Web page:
Tuesday, December 11, 2012

Opposing Forces.

       Night Sailing!

      Check this video out

    •  Opposing Forces.

    • Tonight out at sea, every ripple on the water glowed from the phosphorus -  a magical green color as the boat motored through the waves. It was beautiful and majestic and it has been a year or so since I remember seeing it.
      Last time I remember it, I was sailing through dense fog at night and could see nothing except the magical looking green light streaking through the water as dolphins made their way like torpedo's to their destinations.

    The wind had died about an hour ago and I now motored through the waves back to the harbor. I was going to get back in the Marina and then turn off the engine and wait for the wind to come back out. But as I came down the harbor entrance toward my dock, the wind gave no trace of coming back. So I kept on going till I got near Chase Burton Park and then killed the engine as I saw the wind making patterns over the dark water.

    I was thrilled to turn off the engine and to watch the wind fill the sail again and be off. There's nothing quite like sailing with the wind. Its quiet and beautiful but must be watched and nurtured to make sure the boat stays on course with just the right amount of wind powering it. Otherwise without careful maintanance the boat will end up going in circles. Eventually I got it all balanced perfectly and could take a few minutes out and go sit on the bow and watch the boat and I glide through the dark mysterious wind blown water on our way around the marina.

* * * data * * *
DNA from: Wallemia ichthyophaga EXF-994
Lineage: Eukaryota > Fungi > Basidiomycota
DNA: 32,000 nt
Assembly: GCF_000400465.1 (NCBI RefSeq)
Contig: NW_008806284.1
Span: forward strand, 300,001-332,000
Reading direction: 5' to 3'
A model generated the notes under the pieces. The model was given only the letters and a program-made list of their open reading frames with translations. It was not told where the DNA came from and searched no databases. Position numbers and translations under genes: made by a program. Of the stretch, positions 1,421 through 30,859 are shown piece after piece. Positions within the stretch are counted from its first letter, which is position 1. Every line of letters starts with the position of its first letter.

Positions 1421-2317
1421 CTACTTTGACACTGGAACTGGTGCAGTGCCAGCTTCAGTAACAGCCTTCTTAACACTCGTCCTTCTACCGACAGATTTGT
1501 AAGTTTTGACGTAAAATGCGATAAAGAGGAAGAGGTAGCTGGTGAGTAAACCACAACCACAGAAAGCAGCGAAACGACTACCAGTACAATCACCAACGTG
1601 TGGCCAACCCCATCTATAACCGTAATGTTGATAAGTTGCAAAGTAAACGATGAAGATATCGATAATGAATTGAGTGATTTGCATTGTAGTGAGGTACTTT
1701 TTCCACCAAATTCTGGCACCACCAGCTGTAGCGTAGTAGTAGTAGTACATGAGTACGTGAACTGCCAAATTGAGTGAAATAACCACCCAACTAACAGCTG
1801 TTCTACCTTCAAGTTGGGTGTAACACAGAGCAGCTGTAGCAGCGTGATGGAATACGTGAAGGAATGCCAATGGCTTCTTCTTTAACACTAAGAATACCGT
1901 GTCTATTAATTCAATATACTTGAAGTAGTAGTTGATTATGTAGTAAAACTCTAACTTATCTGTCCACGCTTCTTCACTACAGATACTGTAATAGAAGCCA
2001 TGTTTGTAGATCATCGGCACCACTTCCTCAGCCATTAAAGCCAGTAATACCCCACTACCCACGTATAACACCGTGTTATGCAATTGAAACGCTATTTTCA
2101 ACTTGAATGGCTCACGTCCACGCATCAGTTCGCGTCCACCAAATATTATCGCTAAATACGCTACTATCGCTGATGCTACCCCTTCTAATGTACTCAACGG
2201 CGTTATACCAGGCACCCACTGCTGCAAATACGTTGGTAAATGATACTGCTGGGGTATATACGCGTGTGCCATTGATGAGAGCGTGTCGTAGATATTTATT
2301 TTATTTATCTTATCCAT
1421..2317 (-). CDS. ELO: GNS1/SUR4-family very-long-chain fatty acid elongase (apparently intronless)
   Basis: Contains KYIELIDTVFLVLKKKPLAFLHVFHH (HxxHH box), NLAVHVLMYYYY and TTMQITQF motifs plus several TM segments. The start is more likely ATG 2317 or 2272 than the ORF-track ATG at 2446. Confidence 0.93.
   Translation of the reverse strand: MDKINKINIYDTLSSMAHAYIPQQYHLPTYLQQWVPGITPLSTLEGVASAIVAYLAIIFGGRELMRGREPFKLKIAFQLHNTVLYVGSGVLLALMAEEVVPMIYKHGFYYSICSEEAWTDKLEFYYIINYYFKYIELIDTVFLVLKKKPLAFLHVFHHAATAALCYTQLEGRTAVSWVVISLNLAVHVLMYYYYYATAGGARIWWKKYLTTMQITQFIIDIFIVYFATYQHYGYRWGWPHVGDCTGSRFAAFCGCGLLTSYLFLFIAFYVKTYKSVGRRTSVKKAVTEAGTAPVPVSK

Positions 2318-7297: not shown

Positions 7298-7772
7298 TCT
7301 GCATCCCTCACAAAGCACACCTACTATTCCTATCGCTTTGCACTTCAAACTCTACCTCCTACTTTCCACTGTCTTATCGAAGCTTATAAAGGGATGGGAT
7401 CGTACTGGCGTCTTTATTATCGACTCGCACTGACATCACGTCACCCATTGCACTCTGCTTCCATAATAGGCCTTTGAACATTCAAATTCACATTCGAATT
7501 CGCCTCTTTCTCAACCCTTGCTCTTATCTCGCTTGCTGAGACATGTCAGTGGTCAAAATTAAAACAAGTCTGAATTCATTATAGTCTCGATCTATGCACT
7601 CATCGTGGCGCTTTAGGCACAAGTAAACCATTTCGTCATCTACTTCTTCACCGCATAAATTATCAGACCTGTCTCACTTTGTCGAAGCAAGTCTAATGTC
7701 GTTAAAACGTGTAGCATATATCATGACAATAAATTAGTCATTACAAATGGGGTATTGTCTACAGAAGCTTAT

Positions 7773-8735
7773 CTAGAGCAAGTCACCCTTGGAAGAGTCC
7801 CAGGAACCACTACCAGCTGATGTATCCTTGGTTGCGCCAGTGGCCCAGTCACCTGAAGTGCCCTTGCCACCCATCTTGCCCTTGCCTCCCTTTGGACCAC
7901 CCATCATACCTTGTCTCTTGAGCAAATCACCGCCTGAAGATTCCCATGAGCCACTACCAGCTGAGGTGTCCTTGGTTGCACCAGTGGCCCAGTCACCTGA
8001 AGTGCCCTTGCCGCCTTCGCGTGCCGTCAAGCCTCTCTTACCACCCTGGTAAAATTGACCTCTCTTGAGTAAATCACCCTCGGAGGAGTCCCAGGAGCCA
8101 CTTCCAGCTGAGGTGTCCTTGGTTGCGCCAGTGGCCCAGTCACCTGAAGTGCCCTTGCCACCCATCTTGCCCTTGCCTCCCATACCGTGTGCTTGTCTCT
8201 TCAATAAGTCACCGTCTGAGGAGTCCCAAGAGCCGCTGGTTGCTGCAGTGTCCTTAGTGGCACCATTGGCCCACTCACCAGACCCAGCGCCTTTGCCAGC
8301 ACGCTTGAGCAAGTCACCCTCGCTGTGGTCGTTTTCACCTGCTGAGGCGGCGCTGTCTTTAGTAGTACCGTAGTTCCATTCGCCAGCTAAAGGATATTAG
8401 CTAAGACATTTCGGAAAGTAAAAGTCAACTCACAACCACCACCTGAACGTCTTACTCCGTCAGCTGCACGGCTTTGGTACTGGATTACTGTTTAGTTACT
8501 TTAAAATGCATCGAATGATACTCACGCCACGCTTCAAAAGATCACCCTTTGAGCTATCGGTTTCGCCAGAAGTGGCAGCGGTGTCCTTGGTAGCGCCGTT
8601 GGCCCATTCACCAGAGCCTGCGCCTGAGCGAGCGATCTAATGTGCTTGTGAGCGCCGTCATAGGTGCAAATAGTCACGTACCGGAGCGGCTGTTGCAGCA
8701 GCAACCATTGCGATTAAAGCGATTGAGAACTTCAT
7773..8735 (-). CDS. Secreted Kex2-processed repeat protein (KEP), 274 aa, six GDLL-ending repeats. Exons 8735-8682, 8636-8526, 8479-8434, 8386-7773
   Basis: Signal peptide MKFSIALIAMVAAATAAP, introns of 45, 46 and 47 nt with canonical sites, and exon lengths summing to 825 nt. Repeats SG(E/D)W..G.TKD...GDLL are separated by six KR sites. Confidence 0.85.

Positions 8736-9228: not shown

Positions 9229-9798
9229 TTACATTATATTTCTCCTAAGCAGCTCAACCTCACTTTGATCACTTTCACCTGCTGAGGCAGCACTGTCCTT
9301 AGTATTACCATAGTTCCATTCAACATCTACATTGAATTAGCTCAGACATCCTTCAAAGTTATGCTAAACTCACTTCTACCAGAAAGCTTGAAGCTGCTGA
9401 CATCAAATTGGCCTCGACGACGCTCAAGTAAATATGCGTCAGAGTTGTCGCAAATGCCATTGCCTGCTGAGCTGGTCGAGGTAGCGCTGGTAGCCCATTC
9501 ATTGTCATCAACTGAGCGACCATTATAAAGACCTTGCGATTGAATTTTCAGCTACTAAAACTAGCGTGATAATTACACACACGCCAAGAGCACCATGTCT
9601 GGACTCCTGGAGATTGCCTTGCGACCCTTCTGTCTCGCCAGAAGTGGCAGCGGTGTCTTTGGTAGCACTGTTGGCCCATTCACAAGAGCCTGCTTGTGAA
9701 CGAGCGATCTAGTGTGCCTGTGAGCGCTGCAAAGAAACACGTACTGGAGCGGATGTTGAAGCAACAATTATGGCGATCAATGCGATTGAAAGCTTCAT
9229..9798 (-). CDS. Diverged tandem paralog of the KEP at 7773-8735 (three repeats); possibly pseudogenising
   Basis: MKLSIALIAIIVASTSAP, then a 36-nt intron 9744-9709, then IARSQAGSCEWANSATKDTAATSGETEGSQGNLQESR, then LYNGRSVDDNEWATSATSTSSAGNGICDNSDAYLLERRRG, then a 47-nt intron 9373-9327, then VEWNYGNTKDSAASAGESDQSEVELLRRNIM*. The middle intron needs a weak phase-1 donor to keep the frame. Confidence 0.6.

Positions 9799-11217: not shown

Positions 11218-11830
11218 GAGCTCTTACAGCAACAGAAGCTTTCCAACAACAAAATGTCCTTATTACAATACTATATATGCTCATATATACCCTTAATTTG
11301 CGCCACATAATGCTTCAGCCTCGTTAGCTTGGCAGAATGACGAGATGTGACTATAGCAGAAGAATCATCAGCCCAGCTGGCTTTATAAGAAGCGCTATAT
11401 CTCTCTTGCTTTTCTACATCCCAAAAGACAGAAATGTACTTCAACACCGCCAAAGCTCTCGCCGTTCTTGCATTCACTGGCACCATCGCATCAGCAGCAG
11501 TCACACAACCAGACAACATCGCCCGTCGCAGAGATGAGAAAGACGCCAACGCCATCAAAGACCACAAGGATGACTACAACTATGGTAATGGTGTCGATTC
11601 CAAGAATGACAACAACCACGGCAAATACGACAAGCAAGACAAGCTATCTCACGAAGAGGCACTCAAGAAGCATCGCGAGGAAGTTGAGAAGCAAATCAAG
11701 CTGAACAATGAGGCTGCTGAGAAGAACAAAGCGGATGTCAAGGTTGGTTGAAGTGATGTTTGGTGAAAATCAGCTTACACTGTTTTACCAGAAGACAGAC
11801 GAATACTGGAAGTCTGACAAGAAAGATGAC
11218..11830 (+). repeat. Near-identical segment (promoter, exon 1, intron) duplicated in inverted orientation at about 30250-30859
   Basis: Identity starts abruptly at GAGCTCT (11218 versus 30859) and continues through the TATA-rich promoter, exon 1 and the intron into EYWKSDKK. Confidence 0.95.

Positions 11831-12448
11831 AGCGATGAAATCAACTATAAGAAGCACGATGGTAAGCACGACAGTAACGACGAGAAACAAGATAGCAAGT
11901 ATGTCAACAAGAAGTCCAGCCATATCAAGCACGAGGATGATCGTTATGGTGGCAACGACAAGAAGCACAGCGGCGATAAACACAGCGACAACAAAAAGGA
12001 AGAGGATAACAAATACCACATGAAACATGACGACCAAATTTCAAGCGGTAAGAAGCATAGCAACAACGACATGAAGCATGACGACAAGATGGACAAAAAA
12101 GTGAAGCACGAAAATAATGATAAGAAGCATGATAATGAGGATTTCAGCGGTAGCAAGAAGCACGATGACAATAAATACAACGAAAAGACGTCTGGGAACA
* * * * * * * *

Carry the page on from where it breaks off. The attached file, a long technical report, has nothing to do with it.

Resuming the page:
After an hour and a half, I took the boat up to G - Basin and turned on the engine again as sailing up this stretch of water meant battling the wind head on the whole way. Last week I had run out of gas and had been forced to sail up this against a strong tide and opposing winds that were not strong enough to even beat the tide. So though it had appeared like I was moving forward - I had actually been moving backward with the strong current! As I was grinding my teeth in slow agony to try and beat the tide and get home I thought about it in a philosophical way. Here I was making every effort to get ahead and every inch that I actually won was HARD earned. Life is like that. Sometimes it gives you joy and beauty and everything you want on a platter but other times you have to struggle for every inch you get and in the face of imminent failure. But you must press on. In the case of the ocean - the sea will get you if you give up. I'm so blessed writing this now as it encourages me in a financial situation I'm in right now that feels very much the same.